I am having difficulty getting past creating the first function of my code, line 61. I have tried many different variations and I suspect that I am just not understanding a basic concept of the function itself. The error message is "non-void function does not return a value in all control paths".

``````#include <cs50.h>
#include <ctype.h>
#include <math.h>
#include <stdio.h>
#include <string.h>

int count_letters(string text);
int count_words(string text);
int count_sentences(string text);

int main(void)
{
// Get input from user
string text = get_string("Text:  ");

int letters;
int words;
int sentences;

letters = count_letters(text);
words = count_words(text);
sentences = count_sentences(text);

// Calculate L and S
float L = 100.00 * (float)(letters/words);
float S = 100.00 * (float)(sentences/words);

// Coleman-Liau index calculation
int index = round(0.0588 * L) - (0.296 * S) - 15.8;

if (index < 1)
{
}
else if (index > 16)
{
}
else
{
}
}

int count_letters(string text)
// Calculate number of letters
{
int LC = 0;
for (int i = 0, n = strlen(text); i <= n; i++)
{
if (isalpha(text[i]))
{
LC++;
}
printf("Letters: %i\n", LC);
return LC;
}
}

int count_words(string text);
//calculate number of words
{
int LW=1;
for (int i = 0; i < n; i++)
{
if (isspace(text[i]))
{
LW++;
}
return LW;
}
}

int count_sentences(string text)
// Calculate number of sentences
{
int LS=0;
for (int i = 0; i < n; i++)
{
if (ispunct(text[i]))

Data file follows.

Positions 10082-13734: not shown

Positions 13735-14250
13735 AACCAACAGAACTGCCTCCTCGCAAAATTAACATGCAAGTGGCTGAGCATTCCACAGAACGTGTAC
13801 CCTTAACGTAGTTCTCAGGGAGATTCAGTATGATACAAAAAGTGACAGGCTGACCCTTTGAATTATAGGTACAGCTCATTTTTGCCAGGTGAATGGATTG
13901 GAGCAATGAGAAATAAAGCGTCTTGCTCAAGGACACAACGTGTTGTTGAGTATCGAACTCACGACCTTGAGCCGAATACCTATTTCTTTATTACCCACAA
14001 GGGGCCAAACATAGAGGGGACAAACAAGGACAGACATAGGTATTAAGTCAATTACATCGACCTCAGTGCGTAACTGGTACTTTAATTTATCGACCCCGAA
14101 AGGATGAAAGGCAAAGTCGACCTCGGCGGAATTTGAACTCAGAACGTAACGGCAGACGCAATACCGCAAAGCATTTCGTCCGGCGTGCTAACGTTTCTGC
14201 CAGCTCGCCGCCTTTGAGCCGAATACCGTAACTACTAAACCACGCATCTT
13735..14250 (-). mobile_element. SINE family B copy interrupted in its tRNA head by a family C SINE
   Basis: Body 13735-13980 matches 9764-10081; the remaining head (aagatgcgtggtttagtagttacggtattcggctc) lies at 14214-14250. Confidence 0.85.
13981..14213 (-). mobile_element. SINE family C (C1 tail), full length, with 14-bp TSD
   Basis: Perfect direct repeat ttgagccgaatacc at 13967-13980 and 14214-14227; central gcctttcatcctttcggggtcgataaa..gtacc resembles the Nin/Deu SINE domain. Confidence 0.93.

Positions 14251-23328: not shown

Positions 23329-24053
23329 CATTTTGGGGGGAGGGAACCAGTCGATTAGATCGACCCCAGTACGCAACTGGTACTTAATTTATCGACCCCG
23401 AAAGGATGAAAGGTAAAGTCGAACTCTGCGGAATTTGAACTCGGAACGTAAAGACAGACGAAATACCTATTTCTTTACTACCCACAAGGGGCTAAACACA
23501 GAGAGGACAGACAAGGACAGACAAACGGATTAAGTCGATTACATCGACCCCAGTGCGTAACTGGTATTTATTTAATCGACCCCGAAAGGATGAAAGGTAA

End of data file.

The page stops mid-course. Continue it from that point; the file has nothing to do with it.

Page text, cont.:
{
LS++;
}
return LS;
}
}

Any help would be greatly appreciated!
``````

First, understand that compilers are dumb but thorough. Let's take a close look at the function:

``````int count_letters(string text)
// Calculate number of letters
{
int LC = 0;
for (int i =0 , n =strlen(text); i <=n; i++ )
{
if (isalpha(text[i]))
{
LC++;
}
printf("Letters: %i\n", LC);
return LC;
}
}
``````

The compiler is going to check if there's any possible way for there to be a path through the function that doesn't return a value, and it found one. The compiler is looking at the case where the for loop doesn't execute. Since compilers are dumb, it can't see that there's no logical way for this to happen (unless n is negative).

So, the compiler looks at what happens if the for loop never executes. In checking the rest of the code, it doesn't see any more return statements and issues an error.

The fix for this is to add a catchall return statement that will return an appropriate value if something goes wrong. In this case, `return -1;` might be a good choice. It would signal that something was wrong by returning a negative number.

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